yet they operate in all of his acts. But as the number of the elect, is com- 
paratively small, it may be asked; How is it consistent with the love and 
goodness of God, that the majority should be punished; and made monu- 
ments of justice, for the benefit of the small number? To this query, we 
will reply in the language of an able writer; he observes, "that though it be 
equally evident from scripture and observation, that the greater part of 
mankind, go down to perdition, in the smooth, broad, descending road of 
sin, in the ordinary ages of the world; and though revelation assures us, 
that the number of apostate angels, is very great; yet he thinks, we have np 
reason to conclude, that the greater part, of the rational creation, shall be 
miserable. Nay it is possible, that the number of those on whom the 



18 

penalty of the divine law is inflicted, may bear no more proportion to iha* 
of the innumerable ranks of creatures, that may be retained, in obedience^ 
and happiness, by means of their conspicuous, and exemplary punishment, 
than the number of criminals, executed in a government, for warning to 
others, bears to the rest of the subjects. " If we -consider that those who 
have been redeemed* from the earth, even in the ordinary ages of the world ? 
though comparatively but few, yet absolutely are, "4 multitude which no 
man can number, out of every kindred, people, and language." Rev, 8an4 
9. And that the elect angels, are an innumerable company; Heb. 12 and 
22; perhaps much greater than the legions of hell. If to these we add, the 
prodigious numbers that shall be converted, it) that Jong and blessed sea- 
son, when satan shall be bound; when the Prince of Peace shall reign, and 
when "The kingdom and" dominion, and the greatness of the kingdom un-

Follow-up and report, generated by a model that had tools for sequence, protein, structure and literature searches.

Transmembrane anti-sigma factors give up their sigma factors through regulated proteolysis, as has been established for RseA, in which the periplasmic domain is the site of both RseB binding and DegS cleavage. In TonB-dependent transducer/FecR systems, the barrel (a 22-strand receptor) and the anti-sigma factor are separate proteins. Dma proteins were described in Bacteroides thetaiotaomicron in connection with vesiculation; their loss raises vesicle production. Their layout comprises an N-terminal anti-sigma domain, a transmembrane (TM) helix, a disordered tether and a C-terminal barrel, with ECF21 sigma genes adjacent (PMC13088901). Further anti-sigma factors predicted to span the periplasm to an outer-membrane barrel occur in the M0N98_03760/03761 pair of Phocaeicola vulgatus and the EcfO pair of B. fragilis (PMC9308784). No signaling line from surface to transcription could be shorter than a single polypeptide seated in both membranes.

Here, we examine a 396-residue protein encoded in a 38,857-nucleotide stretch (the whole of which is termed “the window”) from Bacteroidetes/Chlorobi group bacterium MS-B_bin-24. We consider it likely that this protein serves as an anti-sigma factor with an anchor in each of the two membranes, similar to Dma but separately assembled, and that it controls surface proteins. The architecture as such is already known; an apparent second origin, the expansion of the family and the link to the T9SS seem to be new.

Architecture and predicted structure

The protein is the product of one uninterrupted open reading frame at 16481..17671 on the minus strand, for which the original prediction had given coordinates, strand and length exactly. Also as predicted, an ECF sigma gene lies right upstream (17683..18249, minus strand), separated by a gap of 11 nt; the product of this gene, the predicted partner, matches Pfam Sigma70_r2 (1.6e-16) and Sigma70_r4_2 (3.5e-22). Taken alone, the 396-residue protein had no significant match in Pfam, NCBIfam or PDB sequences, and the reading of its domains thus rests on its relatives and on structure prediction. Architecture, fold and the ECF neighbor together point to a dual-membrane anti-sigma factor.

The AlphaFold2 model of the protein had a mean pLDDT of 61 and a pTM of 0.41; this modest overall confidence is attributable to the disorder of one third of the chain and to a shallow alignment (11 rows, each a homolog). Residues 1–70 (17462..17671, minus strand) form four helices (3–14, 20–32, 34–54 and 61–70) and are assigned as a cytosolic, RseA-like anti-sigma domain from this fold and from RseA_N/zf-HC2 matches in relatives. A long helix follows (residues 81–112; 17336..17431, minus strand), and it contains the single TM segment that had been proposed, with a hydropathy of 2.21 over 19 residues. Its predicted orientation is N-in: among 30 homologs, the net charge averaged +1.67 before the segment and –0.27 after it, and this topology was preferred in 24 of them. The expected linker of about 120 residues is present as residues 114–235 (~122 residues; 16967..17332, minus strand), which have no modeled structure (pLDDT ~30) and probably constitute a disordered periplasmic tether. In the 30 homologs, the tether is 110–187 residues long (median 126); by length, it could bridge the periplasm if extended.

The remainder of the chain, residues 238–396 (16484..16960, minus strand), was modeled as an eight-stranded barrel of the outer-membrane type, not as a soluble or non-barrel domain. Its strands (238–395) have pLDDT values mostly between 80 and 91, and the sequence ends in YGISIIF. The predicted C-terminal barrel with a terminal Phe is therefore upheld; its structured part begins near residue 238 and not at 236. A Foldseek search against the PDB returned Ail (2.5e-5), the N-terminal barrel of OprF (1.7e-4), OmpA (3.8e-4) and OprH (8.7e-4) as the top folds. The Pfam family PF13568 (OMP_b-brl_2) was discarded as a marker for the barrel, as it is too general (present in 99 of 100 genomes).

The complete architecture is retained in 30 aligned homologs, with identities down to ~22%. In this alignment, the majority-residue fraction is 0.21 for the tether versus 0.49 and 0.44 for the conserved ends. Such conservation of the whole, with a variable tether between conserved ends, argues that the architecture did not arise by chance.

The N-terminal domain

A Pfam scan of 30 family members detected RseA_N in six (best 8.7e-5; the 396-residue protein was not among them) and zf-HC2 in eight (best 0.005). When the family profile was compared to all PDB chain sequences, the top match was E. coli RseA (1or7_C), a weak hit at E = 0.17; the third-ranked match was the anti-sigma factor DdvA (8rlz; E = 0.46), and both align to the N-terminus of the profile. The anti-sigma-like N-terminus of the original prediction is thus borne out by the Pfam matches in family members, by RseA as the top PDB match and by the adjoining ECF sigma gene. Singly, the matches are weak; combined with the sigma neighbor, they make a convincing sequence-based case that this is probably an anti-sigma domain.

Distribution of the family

der the whole heaven, shall be given to the people of the saints of the most 
high," Dan. 7 and 27th. In which jiot only the greater number of thega*- 
nerations shall live, in that glorious millenium, shall be saved, but perhaps, 
a greater number, than all that perished, in former generations; which is 
very possible^ if we consider the long continuance of that time; and that 
the world will then be under tjie peculiar blessings of heaven, and conse- 
quently mankind, will multiply faster, and not be diminished, as they now 
are, by the calamities of war, plagues, epidemical sicknesses ? and the other 
judgments of God, upon those times of rebellion. If we also borrow a lit- 
tle light, from the hypothesis of philosophy, and suppose that the other pla- 
nets of our system, are peopled like our earth, with proper inhabitants, and 
particularly with reasonable creatures; (for he that made them vast bodies, 
made them not in vain, he made them to be inhabited;) if we farther sup- 
pose, thai each of the innumerable fixed stars, is a sun, the centre of habit- 
able worlds, and that all these worlds, like our own, swarm with life, and 
particularly, with various classes of reasonable beings; (which is not at all 
unlikely, if we argue from parity of cases, from things well known, to things 
less known, or from the immense overflowing goodness, wisdom, and powd- 
er, of the great creator, who can replenish the infinite void, of space with 
being, life and reason, and with equal ease, produce and support, ten thou- 
sand worlds, as ten thousand grains.) If we suppose, that his creative per- 
fections, will not lie inactive forever, contented with one execution for six 
days, but that he still employs, and will employ them, forever in creating 
new worlds, replenished with moral agents, to start into existence, here 
and there, in the endless, vacancies of space; and finally, if we suppose, that 
the flarnes of hell, will blaze dreadfully bright, and conspicuous, in the view 
of all present, and future creations, or that the destructive nature of sin, 
will be some way or another, be made known, tQ the rational inhabitant^ 
of all worlds, by the punishments inflicted, upon a number of men and an- 
gels, and that by this means, they are effectually deterrejd from sin, ahdL 
preserved from misery, inseparable from it. We say if we admit, thes^ 
suppositions, some of which are undoubtedly true, and the rest we think not 
improbable, then it will follow, that the number of holy, and happy crea- 
tures in the universe, will be incomparably greater, than that of miserable